Preparing your hoophouse for fall and winter

December lettuce and spinach in our hoophouse. Photo Wren Vile

Recently I traveled to Fayetteville, Arkansas to give my presentation Extend Your Growing Season into Colder Weather with High Tunnels. Run the mouse over the slide and click on the lower left.

CAFF - Extend Your Growing Season into Colder Weather with High Tunnels

We are getting ready for fall and starting to plant our winter crops in the hoophouse.

I have written about transition to winter crops here: Planning and Growing Winter Hoophouse Vegetables (August 16, 2022). This post includes a bed plan, and links to lots of related posts, such as selecting and planning winter crops, bed prep, direct sowing and transplanting, and then caring for the crops, optimizing use of the space, harvesting, and what to do if something goes wrong,

Fall Lettuce Transition

From September 11-17 we sow to transplant in our greenhouse, and on September 15 and 24 to transplant in our hoophouse. This is our fall transition and I’ll write about that when the time comes.

On September 15 and 24, we sow leaf lettuces and romaines in an outdoor nursery bed. We transplant these into our hoophouse at 10” (25 cm) spacing. This is a bit closer than the 12” (30 cm) spacing we use outdoors. We will harvest outer leaves from the hoophouse lettuce all winter, so the plants won’t get as big as they do outdoors.

Beautiful baby lettuce mix in our hoophouse in February.
Photo Wren Vile

On October 23 we start sowing lettuce mix in the hoophouse. Baby lettuce mix can be ready in as little as 21 days from mid-spring to mid-fall, longer in colder weather. Our first sowing will be harvestable form 4 December to 15 May if we’re lucky, although if it gets too hot, this planting will get bitter and we’ll need to pull it up.

Baby lettuce mix is a direct-sown cut-and-come-again crop, the plants regrow and can be harvested more than once in cool seasons. We sow 10 rows in a 4’ (1.2m) bed, 4.5” (11cm) apart. Weed and thin to 1″ (2.5 cm). When 3″–4″ (7.5–10 cm) tall, cut 1” (2.5 cm) above the soil. Gather a small handful in one hand and cut with using large scissors. Immediately after harvesting, weed the just-cut area so the next cut won’t include weeds. Rake after harvest with a fine leaf rake to remove outer leaves and cut scraps. If you want to make more than one cut, you will need to remove anything that isn’t top quality salad while you can see it. Larger scale operations have harvesting machines.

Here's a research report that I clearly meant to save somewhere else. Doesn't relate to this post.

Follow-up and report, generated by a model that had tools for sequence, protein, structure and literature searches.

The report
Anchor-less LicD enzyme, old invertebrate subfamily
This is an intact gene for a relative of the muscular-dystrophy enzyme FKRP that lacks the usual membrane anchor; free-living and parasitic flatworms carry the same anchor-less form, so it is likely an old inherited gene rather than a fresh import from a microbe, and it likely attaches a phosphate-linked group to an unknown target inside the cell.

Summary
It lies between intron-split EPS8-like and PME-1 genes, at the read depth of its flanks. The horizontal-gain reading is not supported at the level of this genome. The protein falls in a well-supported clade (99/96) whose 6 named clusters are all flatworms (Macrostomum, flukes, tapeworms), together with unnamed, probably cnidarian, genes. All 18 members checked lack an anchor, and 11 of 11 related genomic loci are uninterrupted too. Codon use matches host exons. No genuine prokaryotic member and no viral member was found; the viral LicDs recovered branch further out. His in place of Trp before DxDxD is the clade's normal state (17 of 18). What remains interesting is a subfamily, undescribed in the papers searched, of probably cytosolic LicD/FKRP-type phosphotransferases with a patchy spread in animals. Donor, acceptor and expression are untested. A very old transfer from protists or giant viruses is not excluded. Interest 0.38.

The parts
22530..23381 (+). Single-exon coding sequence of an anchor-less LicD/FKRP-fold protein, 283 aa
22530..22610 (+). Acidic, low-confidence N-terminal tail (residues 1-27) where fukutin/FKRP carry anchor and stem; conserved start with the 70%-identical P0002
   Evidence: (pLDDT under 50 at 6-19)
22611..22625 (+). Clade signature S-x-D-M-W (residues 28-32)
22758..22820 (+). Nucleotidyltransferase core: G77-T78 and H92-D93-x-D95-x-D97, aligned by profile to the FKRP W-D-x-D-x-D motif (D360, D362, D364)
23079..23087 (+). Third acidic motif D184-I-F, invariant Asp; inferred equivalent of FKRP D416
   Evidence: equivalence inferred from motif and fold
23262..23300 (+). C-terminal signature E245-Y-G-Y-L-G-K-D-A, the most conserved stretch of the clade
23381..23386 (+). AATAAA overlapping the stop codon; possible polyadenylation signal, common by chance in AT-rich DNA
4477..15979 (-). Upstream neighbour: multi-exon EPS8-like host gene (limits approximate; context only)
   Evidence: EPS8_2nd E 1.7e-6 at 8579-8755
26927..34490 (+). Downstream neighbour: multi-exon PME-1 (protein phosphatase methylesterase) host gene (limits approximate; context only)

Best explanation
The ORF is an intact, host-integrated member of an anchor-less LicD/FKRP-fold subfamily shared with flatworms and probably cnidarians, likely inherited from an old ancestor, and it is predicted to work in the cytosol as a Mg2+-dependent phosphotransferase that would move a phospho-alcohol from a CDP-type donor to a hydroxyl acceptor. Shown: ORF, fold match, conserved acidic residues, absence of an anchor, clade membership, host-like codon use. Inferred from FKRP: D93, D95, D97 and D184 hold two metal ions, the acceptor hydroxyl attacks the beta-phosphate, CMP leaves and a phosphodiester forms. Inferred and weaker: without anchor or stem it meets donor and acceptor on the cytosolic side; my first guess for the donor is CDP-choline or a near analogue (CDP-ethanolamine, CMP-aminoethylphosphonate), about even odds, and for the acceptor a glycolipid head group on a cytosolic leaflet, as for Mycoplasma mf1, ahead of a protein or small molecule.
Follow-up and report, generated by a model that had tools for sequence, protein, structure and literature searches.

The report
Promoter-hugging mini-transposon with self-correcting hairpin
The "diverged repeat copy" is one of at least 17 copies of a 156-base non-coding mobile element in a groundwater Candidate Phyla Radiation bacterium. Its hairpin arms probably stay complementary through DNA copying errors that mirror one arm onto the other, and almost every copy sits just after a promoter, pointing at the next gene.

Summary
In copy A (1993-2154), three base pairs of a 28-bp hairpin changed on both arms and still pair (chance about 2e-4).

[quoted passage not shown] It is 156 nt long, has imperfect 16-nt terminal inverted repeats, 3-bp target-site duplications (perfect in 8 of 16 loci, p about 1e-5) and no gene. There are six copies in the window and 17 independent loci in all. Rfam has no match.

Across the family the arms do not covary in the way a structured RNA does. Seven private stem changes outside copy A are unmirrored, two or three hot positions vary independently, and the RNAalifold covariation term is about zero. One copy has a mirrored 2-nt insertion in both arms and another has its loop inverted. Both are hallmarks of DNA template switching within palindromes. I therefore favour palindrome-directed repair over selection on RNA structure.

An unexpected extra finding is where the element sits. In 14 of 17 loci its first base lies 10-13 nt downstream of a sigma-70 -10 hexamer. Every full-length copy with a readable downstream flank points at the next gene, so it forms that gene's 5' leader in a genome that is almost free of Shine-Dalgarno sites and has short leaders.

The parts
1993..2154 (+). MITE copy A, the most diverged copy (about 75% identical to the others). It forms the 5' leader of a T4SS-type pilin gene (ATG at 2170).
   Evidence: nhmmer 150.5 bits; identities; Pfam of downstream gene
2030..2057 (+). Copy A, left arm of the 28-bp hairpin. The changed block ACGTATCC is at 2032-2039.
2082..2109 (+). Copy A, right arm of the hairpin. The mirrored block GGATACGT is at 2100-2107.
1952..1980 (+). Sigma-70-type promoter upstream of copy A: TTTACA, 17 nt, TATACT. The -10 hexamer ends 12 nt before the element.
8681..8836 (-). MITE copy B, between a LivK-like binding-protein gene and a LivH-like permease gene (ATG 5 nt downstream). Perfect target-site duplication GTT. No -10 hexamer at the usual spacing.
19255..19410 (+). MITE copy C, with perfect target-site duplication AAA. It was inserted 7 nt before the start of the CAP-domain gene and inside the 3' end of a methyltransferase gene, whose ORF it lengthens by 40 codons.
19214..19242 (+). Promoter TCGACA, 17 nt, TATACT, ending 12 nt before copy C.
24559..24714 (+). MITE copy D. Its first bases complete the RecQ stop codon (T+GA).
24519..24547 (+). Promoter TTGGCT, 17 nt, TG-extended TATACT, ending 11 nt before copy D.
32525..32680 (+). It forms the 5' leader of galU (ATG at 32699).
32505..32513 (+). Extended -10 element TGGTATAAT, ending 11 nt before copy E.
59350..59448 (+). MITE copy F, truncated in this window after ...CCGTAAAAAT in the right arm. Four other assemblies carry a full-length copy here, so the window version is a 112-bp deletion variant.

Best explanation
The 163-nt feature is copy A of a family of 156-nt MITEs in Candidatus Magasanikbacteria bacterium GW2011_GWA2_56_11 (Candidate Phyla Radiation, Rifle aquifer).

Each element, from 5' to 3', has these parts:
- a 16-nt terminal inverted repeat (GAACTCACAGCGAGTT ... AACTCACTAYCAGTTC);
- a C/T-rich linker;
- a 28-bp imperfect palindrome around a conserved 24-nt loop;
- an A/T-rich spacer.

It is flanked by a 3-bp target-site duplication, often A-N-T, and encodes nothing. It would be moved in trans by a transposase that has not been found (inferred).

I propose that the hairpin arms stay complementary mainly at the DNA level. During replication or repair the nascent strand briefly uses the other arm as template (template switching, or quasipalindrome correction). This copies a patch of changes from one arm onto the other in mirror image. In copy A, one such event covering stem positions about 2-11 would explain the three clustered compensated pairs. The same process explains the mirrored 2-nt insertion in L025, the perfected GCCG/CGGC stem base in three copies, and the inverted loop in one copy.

We make four or five sowings of baby lettuce mix, sowing our last one on 15 February, for harvest starting mid-March, and ending in May when it gets too hot. By then we should be happily harvesting juicy lettuce heads outdoors and will have lost interest in the lettuce mix.

The soil temperature range for germination of lettuce seeds is 35-85°F (2-29°C), with 40-80°F (4-27°C) being the optimum range and 75°F (24°C) the ideal. At 41°F (5°C) lettuce takes 15 days to germinate; at 50°F (10°C) it takes 7 days; at 59°F (15°C) 4 days; at 68°F (20°C) only 2.5 days; at 77°F (25°C) 2.2 days. Then time to germination increases: 2.6 days at 86°F (30°C); after that it’s too hot.

Removing Shadecloth from our Hoophouse

We are now removing our shadecloth. Normally we would have removed the shade cloth in mid-September, or at least by the Equinox, but this year we are delayed a week. After 15 years with our initial piece of shadecloth we ordered a new piece. Well, we ordered two new pieces, because we mistakenly ordered a piece only half long enough. We bought a matching piece for the other half, and this winter we are going to sew the two pieces together with nylon twine, because the ends of each piece roll back, leaving a central gap about 6 feet long by September. Measure twice, order once!